Just because something is bad, doesn’t mean that all other bad things are associated with it. Or to put it another way, Hitler did not invent cancer. And yet when there is a bad thing, especially a bad thing we don’t fully understand, we have a tendency to associate all sorts of other bad things with it.
Take gerrymandering, for instance. Gerrymandering is the process by which state legislatures draw state and congressional district lines, in order to maximize partisan gain. It is commonly assumed that gerrymandering increases the power of incumbents. (Here and here, for two examples.) And one recent New York Times article even asserted that gerrymandering is partly responsible for increased partisanship. Both of those claims are false.
Of course, gerrymandering is bad. It creates confusion among voters about who represents them, thereby undermining the ability for voters to communicate with their representatives. Gerrymandering can reduce the political power of certain constituencies and minority groups, by carving their communities up into tiny blocks spread across multiple districts. Gerrymandering can even cause representatives to lose their connection to their district; an urban member of Congress from an urban district one year may find herself the next running for reelection in a largely suburban and rural district.
But gerrymandering does not increase the power of incumbents, at least not as a general rule. Incumbents want stable, safe districts. The necessities of gerrymandering require that district lines change with every census. After all, the people responsible for gerrymandering are not interested in any individual’s best interest. They are interested in maximizing the number of seats won by the party, which requires constant alteration based on changing demographics. Every time that the lines are redrawn, there is the possibility that once unsafe districts will become unsafe.
Gerrymandering is also not responsible for the increase in partisanship. Think about it. In a Blue State, where the Democrats draw the district lines, how do they do it? Remember, in politics margin of victory doesn’t matter. So they create a lot of districts that are 60%-40% Democrat, and then a couple districts that are as close to 100% Republican as they can muster. So, in a gerrymandered Blue State, the Democrats are all drawn from districts that lean Democratic–but these are not hyper-liberal districts. And the Republicans are from hyper-conservative districts… but hyper-conservative by Blue State standards, which by national GOP standards is probably fairly moderate. (In that sense, I wouldn’t exactly expect the average Alabama Democrat to be a socialist.) That doesn’t sound to me like a formula for increasing the partisanship in Congress. Besides, gerrymandering is a constant in American politics, and has been for almost 200 years. They’ve steadily gotten better at it over time with new technology, but the ebbs and flows of partisanship doesn’t exactly match up well with the steady increase in technological progress.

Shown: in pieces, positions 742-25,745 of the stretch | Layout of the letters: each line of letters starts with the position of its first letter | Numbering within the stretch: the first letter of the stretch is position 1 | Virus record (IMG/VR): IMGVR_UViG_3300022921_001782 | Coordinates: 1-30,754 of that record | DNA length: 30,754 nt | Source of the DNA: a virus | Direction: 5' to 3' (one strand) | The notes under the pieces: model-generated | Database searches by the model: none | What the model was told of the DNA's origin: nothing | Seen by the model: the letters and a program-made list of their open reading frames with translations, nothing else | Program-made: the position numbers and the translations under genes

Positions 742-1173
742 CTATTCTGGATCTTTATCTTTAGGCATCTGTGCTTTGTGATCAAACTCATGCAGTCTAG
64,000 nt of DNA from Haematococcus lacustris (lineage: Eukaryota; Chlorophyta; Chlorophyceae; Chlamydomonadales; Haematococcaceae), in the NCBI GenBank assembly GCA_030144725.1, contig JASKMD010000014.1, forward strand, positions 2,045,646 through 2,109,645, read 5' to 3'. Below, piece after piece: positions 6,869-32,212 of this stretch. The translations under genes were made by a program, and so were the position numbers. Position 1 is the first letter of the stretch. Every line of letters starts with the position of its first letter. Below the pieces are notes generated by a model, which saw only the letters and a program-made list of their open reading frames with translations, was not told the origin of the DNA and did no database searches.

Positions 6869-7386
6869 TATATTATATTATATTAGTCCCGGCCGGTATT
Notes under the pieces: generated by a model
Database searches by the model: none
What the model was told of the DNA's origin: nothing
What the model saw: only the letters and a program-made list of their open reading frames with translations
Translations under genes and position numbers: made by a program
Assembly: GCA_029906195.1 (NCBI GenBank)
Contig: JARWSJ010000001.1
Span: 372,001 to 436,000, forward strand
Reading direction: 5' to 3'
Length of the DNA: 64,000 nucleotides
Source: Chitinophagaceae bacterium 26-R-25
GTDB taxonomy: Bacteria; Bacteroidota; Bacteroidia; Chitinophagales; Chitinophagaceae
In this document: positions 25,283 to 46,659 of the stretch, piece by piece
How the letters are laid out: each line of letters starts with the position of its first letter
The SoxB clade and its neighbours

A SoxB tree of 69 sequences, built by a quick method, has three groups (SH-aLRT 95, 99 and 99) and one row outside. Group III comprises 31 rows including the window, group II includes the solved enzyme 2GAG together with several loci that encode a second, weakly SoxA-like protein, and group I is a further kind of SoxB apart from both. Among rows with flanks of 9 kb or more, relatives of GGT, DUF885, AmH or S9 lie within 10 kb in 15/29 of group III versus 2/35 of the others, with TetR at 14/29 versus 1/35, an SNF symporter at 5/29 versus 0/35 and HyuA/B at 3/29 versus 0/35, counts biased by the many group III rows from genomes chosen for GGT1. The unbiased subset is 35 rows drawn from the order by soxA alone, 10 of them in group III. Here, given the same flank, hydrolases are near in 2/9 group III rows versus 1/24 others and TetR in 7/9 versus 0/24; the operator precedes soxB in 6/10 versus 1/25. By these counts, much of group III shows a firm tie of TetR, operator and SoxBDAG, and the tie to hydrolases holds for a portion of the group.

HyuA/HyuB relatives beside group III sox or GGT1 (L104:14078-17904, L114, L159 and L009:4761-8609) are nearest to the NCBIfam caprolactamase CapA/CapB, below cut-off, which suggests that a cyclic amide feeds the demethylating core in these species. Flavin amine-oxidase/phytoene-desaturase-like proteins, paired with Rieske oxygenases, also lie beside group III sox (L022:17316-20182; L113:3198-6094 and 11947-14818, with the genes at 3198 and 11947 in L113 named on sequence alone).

So, yes, gerrymandering is bad. District lines should be drawn by non-partisan (or at least bipartisan) committees, not by partisan legislatures. They should be as stable as possible, and should try to keep neighborhoods and communities together, when possible–not carve them up for partisan advantage. But if you want to explain incumbency or partisanship, look someplace else. Gerrymandering has nothing to do with that; blaming gerrymandering is simply a distraction for other problems.